When Rabia Nassar* was 17 years old, she took a five-pound dumbbell from her parents’ gym in the basement and proceeded to drop it on her stomach, over and over again.
Unsure where it would be most effective at ending her pregnancy, she dropped it under her ribcage. She ended up with bruises all over her hip bones and lower stomach, and the inability to eat for days at a time. She remained pregnant.
The now-24-year-old Nassar then turned to a guidance counselor at school. “I didn’t have any adults in my life that I felt I could talk to,” she recalls. “I figured that if I spoke with her, and she didn’t want to help me, it wouldn’t be a loss.”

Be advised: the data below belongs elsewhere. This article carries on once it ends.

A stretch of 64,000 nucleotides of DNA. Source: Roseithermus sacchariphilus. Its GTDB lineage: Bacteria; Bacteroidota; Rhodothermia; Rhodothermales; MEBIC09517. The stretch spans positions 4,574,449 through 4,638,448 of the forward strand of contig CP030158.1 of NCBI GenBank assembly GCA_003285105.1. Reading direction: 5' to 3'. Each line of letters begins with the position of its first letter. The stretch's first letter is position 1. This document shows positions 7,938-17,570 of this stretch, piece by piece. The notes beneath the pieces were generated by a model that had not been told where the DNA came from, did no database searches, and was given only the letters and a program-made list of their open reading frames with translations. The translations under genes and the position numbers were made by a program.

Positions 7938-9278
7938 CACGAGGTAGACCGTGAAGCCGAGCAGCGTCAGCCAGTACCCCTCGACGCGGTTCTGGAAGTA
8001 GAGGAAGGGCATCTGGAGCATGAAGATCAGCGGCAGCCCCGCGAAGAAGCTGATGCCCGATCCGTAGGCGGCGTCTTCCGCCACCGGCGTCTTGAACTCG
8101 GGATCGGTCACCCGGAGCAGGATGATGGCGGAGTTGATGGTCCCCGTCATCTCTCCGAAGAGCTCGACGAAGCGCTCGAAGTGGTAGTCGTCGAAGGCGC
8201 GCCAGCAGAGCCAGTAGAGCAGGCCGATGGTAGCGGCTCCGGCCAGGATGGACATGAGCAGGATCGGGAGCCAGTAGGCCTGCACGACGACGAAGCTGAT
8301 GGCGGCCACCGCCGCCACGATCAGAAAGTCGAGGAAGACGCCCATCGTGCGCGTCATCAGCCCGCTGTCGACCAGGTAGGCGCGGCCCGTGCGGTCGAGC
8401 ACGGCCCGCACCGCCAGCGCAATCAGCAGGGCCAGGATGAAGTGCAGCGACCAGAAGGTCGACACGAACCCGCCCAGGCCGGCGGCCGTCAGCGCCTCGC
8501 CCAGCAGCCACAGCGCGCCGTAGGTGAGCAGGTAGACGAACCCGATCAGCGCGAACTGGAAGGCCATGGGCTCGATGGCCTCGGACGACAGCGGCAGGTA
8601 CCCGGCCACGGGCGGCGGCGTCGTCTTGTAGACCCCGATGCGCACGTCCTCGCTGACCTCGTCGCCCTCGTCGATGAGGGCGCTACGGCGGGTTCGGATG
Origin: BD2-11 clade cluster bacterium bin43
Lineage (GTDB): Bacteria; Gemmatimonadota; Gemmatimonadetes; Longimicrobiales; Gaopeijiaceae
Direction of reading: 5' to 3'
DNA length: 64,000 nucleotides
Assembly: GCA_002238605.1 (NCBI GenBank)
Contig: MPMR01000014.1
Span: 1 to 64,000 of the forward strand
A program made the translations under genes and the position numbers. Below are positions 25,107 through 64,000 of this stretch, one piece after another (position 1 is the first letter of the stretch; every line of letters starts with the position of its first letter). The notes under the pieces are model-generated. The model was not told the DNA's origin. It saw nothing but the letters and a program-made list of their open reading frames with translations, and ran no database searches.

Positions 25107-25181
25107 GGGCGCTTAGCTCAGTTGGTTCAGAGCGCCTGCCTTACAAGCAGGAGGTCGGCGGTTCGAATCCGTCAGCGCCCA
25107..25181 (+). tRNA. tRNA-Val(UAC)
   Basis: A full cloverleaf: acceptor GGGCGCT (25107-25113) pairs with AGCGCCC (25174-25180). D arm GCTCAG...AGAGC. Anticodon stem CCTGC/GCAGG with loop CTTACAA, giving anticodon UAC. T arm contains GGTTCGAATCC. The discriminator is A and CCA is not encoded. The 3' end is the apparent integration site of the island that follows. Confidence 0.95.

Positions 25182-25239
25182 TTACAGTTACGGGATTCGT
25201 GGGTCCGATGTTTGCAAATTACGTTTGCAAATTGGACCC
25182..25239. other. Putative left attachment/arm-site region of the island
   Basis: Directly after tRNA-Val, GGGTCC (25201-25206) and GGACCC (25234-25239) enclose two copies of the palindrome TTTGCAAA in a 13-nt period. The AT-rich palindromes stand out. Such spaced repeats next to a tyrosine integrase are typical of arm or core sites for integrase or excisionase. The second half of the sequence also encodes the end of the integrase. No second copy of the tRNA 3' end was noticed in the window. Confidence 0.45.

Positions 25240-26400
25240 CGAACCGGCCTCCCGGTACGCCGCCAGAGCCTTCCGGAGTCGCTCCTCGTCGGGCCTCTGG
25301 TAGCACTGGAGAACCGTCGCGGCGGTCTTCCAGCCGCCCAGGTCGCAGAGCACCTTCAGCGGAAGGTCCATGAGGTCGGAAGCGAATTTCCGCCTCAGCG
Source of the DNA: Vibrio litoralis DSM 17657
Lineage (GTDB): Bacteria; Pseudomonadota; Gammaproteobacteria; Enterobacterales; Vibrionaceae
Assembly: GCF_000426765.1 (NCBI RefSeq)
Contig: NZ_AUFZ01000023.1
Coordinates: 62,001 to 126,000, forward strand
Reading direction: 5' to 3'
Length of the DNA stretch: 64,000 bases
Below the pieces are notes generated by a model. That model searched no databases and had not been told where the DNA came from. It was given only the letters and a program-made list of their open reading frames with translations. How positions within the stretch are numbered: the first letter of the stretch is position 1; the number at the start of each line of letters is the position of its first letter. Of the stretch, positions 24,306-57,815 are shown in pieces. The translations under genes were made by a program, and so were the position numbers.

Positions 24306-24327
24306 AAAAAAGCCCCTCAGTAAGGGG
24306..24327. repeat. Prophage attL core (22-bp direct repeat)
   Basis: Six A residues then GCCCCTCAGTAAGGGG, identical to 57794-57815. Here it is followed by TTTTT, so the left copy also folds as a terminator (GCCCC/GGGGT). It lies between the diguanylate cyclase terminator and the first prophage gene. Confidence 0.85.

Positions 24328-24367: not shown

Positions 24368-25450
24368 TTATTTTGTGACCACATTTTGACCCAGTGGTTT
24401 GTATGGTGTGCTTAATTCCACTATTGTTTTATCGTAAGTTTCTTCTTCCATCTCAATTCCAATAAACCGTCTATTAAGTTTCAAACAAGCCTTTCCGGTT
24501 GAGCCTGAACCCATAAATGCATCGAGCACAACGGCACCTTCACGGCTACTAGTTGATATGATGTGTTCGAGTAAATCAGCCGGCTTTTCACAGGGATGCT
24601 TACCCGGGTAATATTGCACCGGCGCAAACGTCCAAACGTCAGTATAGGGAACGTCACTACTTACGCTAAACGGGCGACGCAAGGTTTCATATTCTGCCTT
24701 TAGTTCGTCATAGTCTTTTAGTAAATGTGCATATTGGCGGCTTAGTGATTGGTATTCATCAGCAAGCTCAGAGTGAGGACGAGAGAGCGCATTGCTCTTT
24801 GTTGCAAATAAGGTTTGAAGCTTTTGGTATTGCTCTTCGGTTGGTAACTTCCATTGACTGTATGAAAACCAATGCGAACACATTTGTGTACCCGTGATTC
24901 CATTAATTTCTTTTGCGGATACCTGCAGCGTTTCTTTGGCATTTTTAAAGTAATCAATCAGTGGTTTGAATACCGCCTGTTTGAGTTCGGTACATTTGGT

To Nassar’s surprise, her counselor had been through this many times, and knew about free clinics and post-abortion care resources. “She never once mentioned what her beliefs on abortion were. She only ever told me that I had the right to choose how to live my life, and whatever I chose, she would support me throughout it."
But Nassar’s access issues didn’t stop there. In her hometown of Mississauga, Ontario, the only abortion clinic she found was one that required parental consent—so she had to travel to downtown Toronto, which cost her $50.